And it’s happening. By 2017, the program will reduce trip times from Chicago to St. Louis by nearly an hour through upgrades that will increase top speeds from 79 to 110 miles per hour; Chicago to Detroit will get a similar boost. The Department of Transportation says it has already sliced off a half-hour between Springfield, Mass., and St. Albans, Vt., while completing projects to reduce delays around San Jose, San Diego, Fort Worth and Oklahoma City. It has extended Amtrak service for the first time to Brunswick, Maine, anchoring a thriving downtown revitalization program, and it’s bringing trains to the Illinois towns of Geneseo and Moline for the first time since 1978. It has renovated stations in St. Paul, Minn., and Portland, Ore, and it’s expanding service between Raleigh and Charlotte, where ridership has nearly tripled since 2005.
You need a pretty crimped sense of “somewhere” to argue that the money is going “mostly nowhere.”
One can certainly argue the money should have gone elsewhere. It’s nice that a new bridge and other Missouri projects have improved on-time performance between Kansas City and St. Louis from about 20 percent to 80 percent, but that’s still not a popular train route. Florida’s Scott and Wisconsin’s Republican governor, Scott Walker, both scuttled solid projects—the $45 million their states spent beforehand was the only inarguably wasted high-speed rail money—but Ohio’s Republican governor, John Kasich, had a strong case for scuttling an absurdly slow-speed project in his state. Many critics have suggested Obama should have focused on the Northeast Corridor between Boston and Washington, which is wildly popular—and profitable—even though it’s much slower than it should be.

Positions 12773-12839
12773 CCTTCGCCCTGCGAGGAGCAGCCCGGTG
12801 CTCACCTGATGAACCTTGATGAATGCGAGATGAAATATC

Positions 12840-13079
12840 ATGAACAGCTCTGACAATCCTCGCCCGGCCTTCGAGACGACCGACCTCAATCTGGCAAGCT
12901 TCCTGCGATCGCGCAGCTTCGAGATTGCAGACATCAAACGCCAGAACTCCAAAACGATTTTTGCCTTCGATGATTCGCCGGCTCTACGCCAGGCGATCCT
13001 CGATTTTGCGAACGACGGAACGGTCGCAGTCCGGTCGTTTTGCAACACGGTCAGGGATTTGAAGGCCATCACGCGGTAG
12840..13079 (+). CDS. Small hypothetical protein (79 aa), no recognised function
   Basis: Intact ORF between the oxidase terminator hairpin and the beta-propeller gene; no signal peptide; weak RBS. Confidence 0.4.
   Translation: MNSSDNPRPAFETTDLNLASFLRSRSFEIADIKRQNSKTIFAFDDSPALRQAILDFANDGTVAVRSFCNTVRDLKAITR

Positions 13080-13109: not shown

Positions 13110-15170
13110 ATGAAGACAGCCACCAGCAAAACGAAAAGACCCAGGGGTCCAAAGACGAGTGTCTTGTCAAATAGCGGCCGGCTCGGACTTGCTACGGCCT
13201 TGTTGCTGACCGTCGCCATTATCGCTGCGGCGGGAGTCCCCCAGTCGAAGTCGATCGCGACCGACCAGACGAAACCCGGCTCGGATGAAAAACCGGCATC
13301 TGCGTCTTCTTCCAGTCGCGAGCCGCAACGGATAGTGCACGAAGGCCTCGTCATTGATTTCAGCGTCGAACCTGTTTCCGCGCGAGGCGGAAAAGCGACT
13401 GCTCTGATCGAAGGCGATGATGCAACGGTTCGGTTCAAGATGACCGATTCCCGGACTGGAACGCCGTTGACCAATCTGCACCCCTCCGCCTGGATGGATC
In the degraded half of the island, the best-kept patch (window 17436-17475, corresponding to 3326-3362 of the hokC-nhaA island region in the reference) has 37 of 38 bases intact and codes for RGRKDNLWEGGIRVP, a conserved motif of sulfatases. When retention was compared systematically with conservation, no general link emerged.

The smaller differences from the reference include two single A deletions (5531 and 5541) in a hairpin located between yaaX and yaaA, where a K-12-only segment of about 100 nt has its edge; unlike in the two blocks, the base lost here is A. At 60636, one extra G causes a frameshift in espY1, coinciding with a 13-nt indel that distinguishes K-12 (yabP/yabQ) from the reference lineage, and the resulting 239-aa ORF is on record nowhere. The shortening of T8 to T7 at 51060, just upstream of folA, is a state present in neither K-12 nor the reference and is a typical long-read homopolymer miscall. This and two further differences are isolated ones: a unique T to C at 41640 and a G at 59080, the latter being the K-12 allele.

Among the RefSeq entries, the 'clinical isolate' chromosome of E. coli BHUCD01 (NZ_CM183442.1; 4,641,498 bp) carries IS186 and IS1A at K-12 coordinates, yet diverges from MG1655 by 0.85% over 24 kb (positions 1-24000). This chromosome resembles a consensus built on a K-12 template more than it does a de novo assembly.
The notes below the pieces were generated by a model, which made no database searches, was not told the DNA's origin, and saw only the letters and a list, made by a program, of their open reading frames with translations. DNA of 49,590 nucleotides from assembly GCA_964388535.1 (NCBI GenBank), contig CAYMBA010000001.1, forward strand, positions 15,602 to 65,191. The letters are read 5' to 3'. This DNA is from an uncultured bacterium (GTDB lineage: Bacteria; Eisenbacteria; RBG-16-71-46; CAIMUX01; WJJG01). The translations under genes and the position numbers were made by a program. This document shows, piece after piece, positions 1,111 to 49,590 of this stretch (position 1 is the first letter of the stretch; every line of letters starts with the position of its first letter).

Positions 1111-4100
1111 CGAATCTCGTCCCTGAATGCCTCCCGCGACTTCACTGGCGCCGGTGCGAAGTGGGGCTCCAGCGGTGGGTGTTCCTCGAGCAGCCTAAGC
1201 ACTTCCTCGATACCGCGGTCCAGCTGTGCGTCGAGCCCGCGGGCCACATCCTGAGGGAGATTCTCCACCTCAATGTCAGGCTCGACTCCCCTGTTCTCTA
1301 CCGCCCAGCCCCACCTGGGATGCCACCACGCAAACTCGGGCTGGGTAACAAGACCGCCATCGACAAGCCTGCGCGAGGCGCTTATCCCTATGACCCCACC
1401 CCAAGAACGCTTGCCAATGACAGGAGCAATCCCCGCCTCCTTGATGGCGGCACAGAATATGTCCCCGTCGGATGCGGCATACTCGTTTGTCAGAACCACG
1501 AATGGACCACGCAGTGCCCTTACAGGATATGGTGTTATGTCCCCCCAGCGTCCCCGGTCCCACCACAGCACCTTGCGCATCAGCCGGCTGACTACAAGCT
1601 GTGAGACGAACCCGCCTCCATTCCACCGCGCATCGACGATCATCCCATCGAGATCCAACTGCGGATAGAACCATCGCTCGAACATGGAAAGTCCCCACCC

In fact, the Administration has steered about $850 million to the Northeast Corridor. Szabo was in Trenton last week to tout a massive upgrade to an 80-year-old electrical system that will reduce delays and increase top speeds to 160 m.p.h. on America’s most traveled 23-mile stretch of track. The work will be a prototype for projects along the rest of the corridor, where rail has already replaced air as the dominant form of travel, even though logjams keep average speeds at 70 m.p.h.
Still, it’s true that the bullet-train rhetoric from Obama and the White House’s main train buff, Vice President Joe Biden, has not lived up to the bullet-train reality. It’s also true that the Administration’s spread-it-thin strategy, featuring incremental improvements in 32 states, is hard to justify in a vacuum. You need to walk before you can run, but it doesn’t make much sense to upgrade trains from slow speeds to semi-slow speeds if they’re never going to be able to compete with cars or planes. That’s why in 2011, Biden announced a new six-year, $53 billion plan to expand high-speed rail beyond the initial stimulus investments, a plan that would have built much more groundwork for a truly competitive national passenger rail network.
That plan, however, really has gone nowhere. Once Republicans took over the House, Congress stopped appropriating money for high-speed rail. Period. There was never any chance that bullet trains would be whizzing all over America by now, but the reason there’s no realistic prospect of that happening anytime soon has nothing to do with executive incompetence and everything to do with politics. And while I love the New York Times—even when it publishes ludicrous essays slagging my hometown—its validation of the “mostly nowhere” nonsense will help make sure America’s passenger rail system remains a global joke.